Beach panel, FIU work to polish hospitality services
By Claudio Mendonça
The Miami Beach Visitor and Convention Authority is setting high goals to elevate the quality of tourism services. By partnering with Florida International University, the tourism entity wants to erase Miami Beach's image of not being customer-friendly.
The authority is striving to enhance services by continuing The Customer and You, a free program funded by the City of Miami Beach that began in July to improve service levels. Sessions, held for four hours monthly, are open to all tourism-related professionals on the Beach.
"We will have a pep rally in June to kick off the summer season and Miami Spice Restaurant Month," said Stephen Haas, chairman of the authority.
Hotels show employees a 20-minute video, Mr. Haas said, with scenarios highlighting positive and negative aspects of tourist experiences - from taking an airport taxi to the hotel to dealing with front-desk employees.
Hospitality services seem to be a weakness in South Florida. Zagat's restaurant survey, which ranks restaurant quality in major US cities, said 83% of 5,000 customers surveyed disapproved of the quality of service in South Florida restaurants.
"I don't think service is terrible," said Customer and You instructor Sabina Tonarelli-Frey, an adjunct professor at Florida International University and a former human-resources director at Loews Miami Beach. "What we need to do is fine-tune with all areas of the industry."
Ms. Tonarelli-Frey speculated that the tourism industry here doesn't focus enough on serving travelers well.
The Visitor and Convention Authority is in talks with FIU to develop full-credit courses on services in the university's hospitality program.
A notorious problem in hospitality here, Ms. Tonarelli-Frey said, has been lack of consistency.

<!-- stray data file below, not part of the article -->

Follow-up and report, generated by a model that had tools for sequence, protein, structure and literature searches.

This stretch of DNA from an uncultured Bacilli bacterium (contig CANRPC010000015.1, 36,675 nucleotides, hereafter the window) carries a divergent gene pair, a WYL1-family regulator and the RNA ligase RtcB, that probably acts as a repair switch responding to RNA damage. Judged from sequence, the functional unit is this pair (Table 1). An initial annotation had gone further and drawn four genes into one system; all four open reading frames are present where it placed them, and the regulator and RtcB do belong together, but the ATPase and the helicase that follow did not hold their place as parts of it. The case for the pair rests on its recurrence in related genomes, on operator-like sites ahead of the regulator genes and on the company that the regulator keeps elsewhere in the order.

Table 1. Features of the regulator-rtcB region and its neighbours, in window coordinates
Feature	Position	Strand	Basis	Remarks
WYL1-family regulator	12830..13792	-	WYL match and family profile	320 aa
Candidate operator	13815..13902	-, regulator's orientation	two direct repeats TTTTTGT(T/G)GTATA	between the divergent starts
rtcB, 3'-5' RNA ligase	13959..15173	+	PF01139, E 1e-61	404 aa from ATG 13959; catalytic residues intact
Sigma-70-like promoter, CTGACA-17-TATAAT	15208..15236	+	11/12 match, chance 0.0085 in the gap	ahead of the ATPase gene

"What we notice is that one day, service is good, and the next day, it is bad," she said. "Customers are becoming savvier, and level of expectation is higher."
A high number of new five-star hotels and restaurants here, she said, has elevated customer expectations. But a large percentage of the hospitality workforce, she said, is young people who are not "accustomed to a high level of service."
But, Ms. Tonarelli-Frey said, she is impressed with how involved students are getting in trying to turn service deficits around.
And, said Customer and You program coordinator Claudia Castillo, "response from industry professionals has been phenomenal."
"We've been having hotel managers and team leaders recommending their assistants to attend seminars," said Ms. Castillo, assistant director of the institute of hospitality and tourism education at FIU. About 200 managers from all aspects of the industry attend the seminars. Ms. Castillo stressed that students enjoy the course because of the small number of participants.
Customer and You seminars are held throughout the year at the Miami Beach Hispanic Community Center, 1701 Normandy Dr. on South Beach, Ms. Castillo said. Open to professionals in all tourist-related business on the Beach, the course has a limit of 20 per class. The next session is scheduled to begin Jan. 24.
Registration information: (305) 867-0051.